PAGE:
Study examines effects of stationing physicians in nursing homes
A study taking place in Central Iowa is examining what effect the presence of a physician and physician's assistant working full time will have on residents at a nursing home.
The pilot program, funded by the Centers for Disease Control and Prevention, will examine the care of 50 residents at Adel Acres Nursing Home. The clinicians will concentrate on preventive medicine, hoping to reduce the incidence of falls by at least 30%, officials said. They also will concentrate on residents' problems with heart disease, dementia and diabetes.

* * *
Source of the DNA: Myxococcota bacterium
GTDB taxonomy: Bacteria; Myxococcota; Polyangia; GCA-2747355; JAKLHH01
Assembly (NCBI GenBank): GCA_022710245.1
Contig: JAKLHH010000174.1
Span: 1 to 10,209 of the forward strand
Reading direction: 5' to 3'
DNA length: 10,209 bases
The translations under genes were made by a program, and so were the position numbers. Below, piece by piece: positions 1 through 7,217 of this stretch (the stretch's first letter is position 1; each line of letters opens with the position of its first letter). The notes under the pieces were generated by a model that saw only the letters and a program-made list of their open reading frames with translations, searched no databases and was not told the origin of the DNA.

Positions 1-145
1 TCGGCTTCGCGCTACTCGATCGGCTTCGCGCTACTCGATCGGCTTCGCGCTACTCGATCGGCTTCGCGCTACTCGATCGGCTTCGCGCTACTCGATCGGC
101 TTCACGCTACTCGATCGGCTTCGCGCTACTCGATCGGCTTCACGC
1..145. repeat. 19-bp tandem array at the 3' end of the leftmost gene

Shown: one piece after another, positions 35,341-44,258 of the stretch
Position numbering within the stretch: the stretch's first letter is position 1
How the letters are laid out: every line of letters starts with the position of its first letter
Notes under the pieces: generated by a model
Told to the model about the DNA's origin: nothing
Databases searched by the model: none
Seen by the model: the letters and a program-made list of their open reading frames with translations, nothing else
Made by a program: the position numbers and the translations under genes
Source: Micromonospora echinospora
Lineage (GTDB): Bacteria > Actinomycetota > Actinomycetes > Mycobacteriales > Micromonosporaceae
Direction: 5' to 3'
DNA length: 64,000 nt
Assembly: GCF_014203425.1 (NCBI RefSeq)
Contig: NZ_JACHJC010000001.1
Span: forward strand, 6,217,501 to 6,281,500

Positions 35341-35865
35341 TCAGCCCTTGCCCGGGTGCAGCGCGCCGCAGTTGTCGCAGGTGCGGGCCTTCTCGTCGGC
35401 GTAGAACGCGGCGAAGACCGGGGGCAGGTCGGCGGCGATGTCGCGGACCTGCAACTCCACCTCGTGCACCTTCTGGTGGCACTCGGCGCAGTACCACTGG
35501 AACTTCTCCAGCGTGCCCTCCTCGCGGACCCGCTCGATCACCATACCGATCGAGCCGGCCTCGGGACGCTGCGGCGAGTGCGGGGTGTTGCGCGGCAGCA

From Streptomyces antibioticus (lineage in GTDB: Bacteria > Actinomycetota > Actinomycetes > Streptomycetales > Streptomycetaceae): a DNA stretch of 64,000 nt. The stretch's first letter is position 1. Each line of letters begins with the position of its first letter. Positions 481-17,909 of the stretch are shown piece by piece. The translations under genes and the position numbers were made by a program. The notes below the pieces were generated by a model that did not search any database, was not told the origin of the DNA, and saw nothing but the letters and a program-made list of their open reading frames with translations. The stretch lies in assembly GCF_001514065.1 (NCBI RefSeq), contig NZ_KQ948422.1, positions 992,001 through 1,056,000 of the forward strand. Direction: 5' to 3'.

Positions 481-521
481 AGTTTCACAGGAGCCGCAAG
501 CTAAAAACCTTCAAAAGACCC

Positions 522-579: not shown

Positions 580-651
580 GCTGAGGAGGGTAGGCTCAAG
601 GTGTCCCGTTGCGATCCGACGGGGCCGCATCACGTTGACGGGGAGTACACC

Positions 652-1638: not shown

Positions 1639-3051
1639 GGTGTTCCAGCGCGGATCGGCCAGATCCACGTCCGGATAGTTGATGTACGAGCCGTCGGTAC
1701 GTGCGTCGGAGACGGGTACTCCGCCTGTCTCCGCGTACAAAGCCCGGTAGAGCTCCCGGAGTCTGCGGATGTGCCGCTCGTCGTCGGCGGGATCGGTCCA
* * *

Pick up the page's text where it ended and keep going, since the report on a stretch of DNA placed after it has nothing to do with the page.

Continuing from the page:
Federal officials hope the findings can lead to better long-term care for seniors and reduced hospital admissions. They also plan to examine how much costs are reduced during what could be a two-year study frame. Adel Acres staff already say they prefer having the on-site doctors, compared with having to contact up to 10 physicians a day for residents' care.
"The question is: Can we improve how we take care of folks, decrease their suffering and at the same time cut costs?" said Dr. Robert Bender, a geriatrician with Iowa Health System. "If we can do that, that would be magic.
"We think that the system we have imagined is very applicable virtually anywhere in the United States," he added.